On the other hand, making money is a rather obvious purpose, a typically modern use for a thing, wouldn’t you say?  And if Britney is useful to the corporations, then Oscar says she is not art.  What about Andy, though?  Andy said to the media once, “Making money is art and working is art and good business is the best art.”  Yeah, but Andy painted Campbell’s soup cans and laughed at his buyers to the media.  His joke on the art world was his true art.  His lifestyle was his true art.  His paintings were like the stage magician’s wand, which when waved about would distract the audience from what the other hand was doing — namely, anything it (he) wanted.

Wilde’s “intense admiration”

The other half of Oscar’s quote could be true, though.  What if excellent art could be measured not by the number of its admirers, but by the intensity of its fans’ admiration?  It’s possible.  If it were true, the corporations sure wouldn’t like for it to get out.  Could you imagine?  Imagine legions of soccer moms and old ladies taking down their Thomas Kinkade paintings and re-framing various images they found at the local bazaar, and why?  Because they like the way they look hanging there on the wall, that’s why, and because nobody anywhere else has got one.  It’s unique.  It’s unique, and for some reason, that’s a good thing, but you sure can’t sell it.  It’s hard to manufacture unique.

I’m not here to figure out exactly what makes good art, though.  That was Aristotle’s thing (the nature of quality, I mean) and he never really nailed it down; I’m arrogant, but not so conceited that I think I’m going to define it in a Wednesday morning web log.  I wanted to find out what it takes to produce mass appeal, and so far I’ve only figured out that people have been fooled into buying things based on their popularity.  This is not going to work.  Quickly, let’s go, let’s go.

Jackson Pollock

This is Jackson Pollock’s work.  It’s called “Galaxy,” and I think that’s fitting.  It looks — something like that.  There are two immediate reactions to a Pollock piece.  Sometimes people say, “Say, that’s a pretty thing,” and other times they say, “Hell, I could do that.”  You know what?  It’s true.  Even a 4 yr. old can do it.  They can do it and make thousands upon thousands of dollars.  This approaches an answer to our problem, which was, how does one go about garnering mass appeal?  How does one snare the positive attention of millions of common people?  The answer lies in a suggestion.  I’m putting it in bold so it stands out to my casual readers.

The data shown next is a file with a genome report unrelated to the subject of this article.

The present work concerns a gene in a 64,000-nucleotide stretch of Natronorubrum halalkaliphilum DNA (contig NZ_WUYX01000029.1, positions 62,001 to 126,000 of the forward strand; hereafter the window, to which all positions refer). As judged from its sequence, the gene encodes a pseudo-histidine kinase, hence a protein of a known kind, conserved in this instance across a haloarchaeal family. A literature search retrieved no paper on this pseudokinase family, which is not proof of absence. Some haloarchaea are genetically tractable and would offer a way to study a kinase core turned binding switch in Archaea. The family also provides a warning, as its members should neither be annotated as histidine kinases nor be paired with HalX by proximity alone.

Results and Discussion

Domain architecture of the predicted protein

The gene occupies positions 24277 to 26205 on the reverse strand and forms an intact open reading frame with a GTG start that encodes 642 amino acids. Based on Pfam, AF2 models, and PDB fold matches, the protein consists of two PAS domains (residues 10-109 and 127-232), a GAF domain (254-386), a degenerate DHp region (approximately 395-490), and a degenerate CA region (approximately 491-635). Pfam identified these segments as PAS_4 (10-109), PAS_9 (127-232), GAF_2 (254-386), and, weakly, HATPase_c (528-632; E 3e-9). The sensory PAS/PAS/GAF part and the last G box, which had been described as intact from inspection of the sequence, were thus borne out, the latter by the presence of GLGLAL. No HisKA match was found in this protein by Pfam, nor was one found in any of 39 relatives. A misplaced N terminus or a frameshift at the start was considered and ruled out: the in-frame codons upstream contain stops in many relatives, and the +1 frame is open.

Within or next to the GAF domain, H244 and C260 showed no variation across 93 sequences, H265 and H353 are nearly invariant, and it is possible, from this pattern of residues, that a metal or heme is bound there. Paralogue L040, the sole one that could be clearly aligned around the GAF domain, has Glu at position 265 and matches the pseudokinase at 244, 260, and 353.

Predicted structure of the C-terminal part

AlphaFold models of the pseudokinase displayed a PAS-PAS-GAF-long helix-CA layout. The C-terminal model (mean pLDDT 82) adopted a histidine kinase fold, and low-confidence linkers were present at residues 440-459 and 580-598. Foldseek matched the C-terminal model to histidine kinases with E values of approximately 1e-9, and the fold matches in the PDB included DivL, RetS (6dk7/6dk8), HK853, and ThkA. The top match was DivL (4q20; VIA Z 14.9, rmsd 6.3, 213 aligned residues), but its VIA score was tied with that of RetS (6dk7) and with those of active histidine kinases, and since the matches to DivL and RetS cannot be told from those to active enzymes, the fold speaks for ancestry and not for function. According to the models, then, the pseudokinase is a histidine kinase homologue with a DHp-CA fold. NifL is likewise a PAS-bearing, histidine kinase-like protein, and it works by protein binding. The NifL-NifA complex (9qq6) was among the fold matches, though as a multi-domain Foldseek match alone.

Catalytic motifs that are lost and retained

What if people are commonly of bad taste, whereby corporations sell things of bad taste to satisfy an enormous consumer demand?

Were it true, then it would cause a tailspin of poor taste and reprehensible artistic values after a decade or so.  Consumers would allow marketing geniuses to tell them that mediocre artists produce works of enduring quality.  The public would come to believe that every new thing that everyone purchased had intrinsic benefits because everyone had purchased one.  That’d make selling things to the people even easier, because excellent things are much more rare than commonplace things; it’d be far simpler to convince people that auto-tune makes a song more fashionable than talented vocalists can, whereby great singers wouldn’t have to be found in great supply; it’d be much more straightforward to make splatter paintings more fashionable than, say, expressionism or pre-Rafaelite art, because then big business could have toddlers create a steady stream of high-demand products, pre-framed and ready for their place on the living room wall; it’d be a cinch to sell children’s books to full-grown adults if the adults were convinced that adults everywhere were already reading them.